Commander, Submarine Forces (COMSUBFOR) officially kicked off Ice Exercise (ICEX) 2022 in the Arctic Ocean on Friday, March 4, after the building of Ice Camp Queenfish and arrival of two U.S. Navy fast attack submarines.
ICEX 2022 is a three-week exercise designed to research, test and evaluate operational capabilities in the Arctic region.
The Arctic is experiencing a trend of diminishing sea ice extent and thickness creating the likelihood of increased maritime activity in the region, including trans-oceanic shipping and resource extraction.
The Navy’s Arctic Submarine Laboratory (ASL), based in San Diego, serves as the lead organization for coordinating, planning and executing the exercise involving representatives from four nations and more than 200 participants over the five weeks of operations.
In addition to the U.S. Navy, Army, Air Force, Marine Corps and Coast Guard personnel who are participating in the exercise, personnel from the Royal Canadian Air Force, Royal Canadian Navy and United Kingdom Royal Navy are participating.
U.S. Marine Corps Capt. Dave Swensen is leading a team of six from the Marine Corps Mountain Warfare Center to assist in ICEX 2022.
“Any opportunities we can get to provide our personnel access to experience in extreme cold conditions will be force multipliers to our institution and ultimately to the Marine Corps,” said Swensen, who added that five of the center’s personnel taking part in ICEX are instructors at the Bridgeport, California, cold weather center for excellence. “We will come back among the most cold weather-experienced personnel at the base.”
A temporary ice camp is being established on a sheet of ice in the Arctic Ocean, known as an ice floe, to support testing submarine systems and other arctic research initiatives.
The camp, named Ice Camp Queenfish, will serve as a temporary command center for conducting operations and research in the Arctic region. The camp consists of shelters, a command center, and infrastructure to safely house and support more than 60 personnel at any one time.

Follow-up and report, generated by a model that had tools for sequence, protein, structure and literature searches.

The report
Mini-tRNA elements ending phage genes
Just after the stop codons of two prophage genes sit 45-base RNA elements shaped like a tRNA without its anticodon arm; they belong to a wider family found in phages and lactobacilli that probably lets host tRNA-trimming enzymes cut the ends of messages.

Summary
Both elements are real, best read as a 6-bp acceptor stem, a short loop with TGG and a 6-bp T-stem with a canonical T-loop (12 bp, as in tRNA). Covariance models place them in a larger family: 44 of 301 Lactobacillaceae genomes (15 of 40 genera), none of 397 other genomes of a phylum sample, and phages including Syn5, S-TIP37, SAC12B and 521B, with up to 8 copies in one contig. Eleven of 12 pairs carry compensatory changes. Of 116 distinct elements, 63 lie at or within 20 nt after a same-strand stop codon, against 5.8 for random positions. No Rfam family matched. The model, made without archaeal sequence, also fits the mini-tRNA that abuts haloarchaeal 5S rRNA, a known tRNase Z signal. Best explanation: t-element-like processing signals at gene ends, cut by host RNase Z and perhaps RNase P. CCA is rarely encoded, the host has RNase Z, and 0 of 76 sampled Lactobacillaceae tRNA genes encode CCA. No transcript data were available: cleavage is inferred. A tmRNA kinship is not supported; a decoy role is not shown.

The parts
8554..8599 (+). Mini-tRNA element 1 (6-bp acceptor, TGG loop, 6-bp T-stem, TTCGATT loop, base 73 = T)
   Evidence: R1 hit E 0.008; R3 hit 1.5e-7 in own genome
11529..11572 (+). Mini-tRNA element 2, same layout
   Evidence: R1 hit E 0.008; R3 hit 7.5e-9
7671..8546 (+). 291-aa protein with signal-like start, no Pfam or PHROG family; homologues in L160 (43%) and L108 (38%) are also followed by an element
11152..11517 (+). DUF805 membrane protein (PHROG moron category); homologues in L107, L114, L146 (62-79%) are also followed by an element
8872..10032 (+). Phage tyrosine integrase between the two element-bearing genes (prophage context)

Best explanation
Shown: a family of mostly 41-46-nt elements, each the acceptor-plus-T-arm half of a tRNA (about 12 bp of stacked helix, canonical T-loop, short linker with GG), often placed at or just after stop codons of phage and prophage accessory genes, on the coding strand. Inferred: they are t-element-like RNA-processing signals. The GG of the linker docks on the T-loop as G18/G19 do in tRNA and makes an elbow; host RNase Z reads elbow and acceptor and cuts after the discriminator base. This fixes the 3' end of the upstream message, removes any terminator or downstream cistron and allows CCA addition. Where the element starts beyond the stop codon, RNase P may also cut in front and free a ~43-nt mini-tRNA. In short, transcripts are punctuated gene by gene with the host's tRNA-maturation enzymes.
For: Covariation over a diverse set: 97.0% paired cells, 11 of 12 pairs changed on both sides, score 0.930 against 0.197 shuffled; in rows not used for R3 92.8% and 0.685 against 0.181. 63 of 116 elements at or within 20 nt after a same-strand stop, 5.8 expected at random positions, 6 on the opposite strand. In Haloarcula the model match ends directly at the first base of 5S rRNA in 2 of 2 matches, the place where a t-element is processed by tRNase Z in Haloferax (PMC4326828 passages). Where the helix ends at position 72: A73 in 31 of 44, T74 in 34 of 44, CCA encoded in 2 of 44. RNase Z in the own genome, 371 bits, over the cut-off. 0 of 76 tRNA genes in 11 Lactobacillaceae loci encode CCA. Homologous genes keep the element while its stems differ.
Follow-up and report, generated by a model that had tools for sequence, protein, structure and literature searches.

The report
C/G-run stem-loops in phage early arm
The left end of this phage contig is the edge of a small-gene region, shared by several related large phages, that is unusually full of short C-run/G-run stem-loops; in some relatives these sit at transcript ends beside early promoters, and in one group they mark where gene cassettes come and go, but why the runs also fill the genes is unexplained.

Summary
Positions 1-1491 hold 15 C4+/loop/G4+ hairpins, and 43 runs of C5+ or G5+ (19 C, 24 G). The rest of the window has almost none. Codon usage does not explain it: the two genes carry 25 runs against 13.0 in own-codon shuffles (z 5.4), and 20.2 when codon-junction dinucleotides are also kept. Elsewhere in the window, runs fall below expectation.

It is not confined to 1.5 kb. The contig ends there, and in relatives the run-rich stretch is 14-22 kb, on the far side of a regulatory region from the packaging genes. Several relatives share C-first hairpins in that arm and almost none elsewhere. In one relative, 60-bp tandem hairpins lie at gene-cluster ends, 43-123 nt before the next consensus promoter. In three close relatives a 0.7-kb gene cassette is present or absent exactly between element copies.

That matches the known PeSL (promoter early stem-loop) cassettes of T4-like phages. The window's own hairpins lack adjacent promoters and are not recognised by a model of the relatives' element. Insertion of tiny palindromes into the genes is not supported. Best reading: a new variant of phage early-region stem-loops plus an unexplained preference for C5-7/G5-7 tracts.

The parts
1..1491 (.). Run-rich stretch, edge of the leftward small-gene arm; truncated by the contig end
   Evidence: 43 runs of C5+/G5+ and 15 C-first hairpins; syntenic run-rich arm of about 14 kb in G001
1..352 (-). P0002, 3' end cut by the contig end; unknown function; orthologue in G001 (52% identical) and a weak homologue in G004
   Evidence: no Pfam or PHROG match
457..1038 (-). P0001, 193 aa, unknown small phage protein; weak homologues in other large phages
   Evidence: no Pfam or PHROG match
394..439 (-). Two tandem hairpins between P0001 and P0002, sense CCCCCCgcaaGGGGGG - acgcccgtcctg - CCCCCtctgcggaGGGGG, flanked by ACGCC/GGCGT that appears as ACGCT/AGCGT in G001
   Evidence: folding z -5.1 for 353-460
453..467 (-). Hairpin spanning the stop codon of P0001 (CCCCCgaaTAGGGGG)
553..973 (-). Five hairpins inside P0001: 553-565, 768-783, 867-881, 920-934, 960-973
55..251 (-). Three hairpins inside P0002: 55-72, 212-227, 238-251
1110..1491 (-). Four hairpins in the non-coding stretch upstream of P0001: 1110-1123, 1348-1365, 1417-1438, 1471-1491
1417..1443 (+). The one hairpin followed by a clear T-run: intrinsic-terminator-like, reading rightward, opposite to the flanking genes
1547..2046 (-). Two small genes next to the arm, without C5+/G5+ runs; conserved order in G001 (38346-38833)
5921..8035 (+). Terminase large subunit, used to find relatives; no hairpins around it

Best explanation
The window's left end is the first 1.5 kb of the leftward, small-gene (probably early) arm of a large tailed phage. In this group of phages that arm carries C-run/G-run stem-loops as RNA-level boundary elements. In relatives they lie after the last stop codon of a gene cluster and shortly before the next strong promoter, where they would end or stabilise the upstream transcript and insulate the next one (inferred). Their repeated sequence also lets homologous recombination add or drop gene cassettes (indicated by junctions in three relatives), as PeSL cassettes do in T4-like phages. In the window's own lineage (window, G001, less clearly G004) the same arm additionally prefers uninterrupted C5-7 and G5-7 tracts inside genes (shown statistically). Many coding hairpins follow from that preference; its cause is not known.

“At Ice Camp Queenfish, our teams can test equipment in a very harsh and demanding environment,” said Howard Reese, director of the Arctic Submarine Laboratory. “It’s important that all the technology we’re testing can perform in all of the oceans of the world, including the Arctic. Here, we can learn what works well in the Arctic and what doesn’t work as well, and we can make changes and improvements.”
The camp gets its namesake from USS Queenfish (SSN 651), the first Sturgeon-class submarine to operate under ice and the fourth submarine to reach the North Pole when it surfaced there on Aug. 6, 1970.
Submarines have conducted under-ice operations in the Arctic regions in support of inter-fleet transit, training, cooperative allied engagements and operations for more than 60 years. USS Nautilus (SSN 571) made the first transit in 1958. USS Skate (SSN 578) was the first U.S. submarine to surface through arctic ice at the North Pole in March, 1959.
Since those events, the U.S. Submarine Force has completed 97 Ice Exercises – ICEX 2022 is the 98th – the last being conducted in 2020.
“A big part of this is building on the submarine community’s history, going back to the 1940s, operating in the Arctic,” said Lt. Mike Reid, an exercise range safety officer, supporting ICEX from the Navy’s Norfolk, Virginia,-based Operational Test and Evaluation Force. “This demonstrates that we not only haven’t lost that skill set, but we’re always learning, improving and building upon the lessons we’ve learned over the decades. ICEX 2022 is an exciting opportunity for the junior personnel to take part in that history and carry on that tradition.”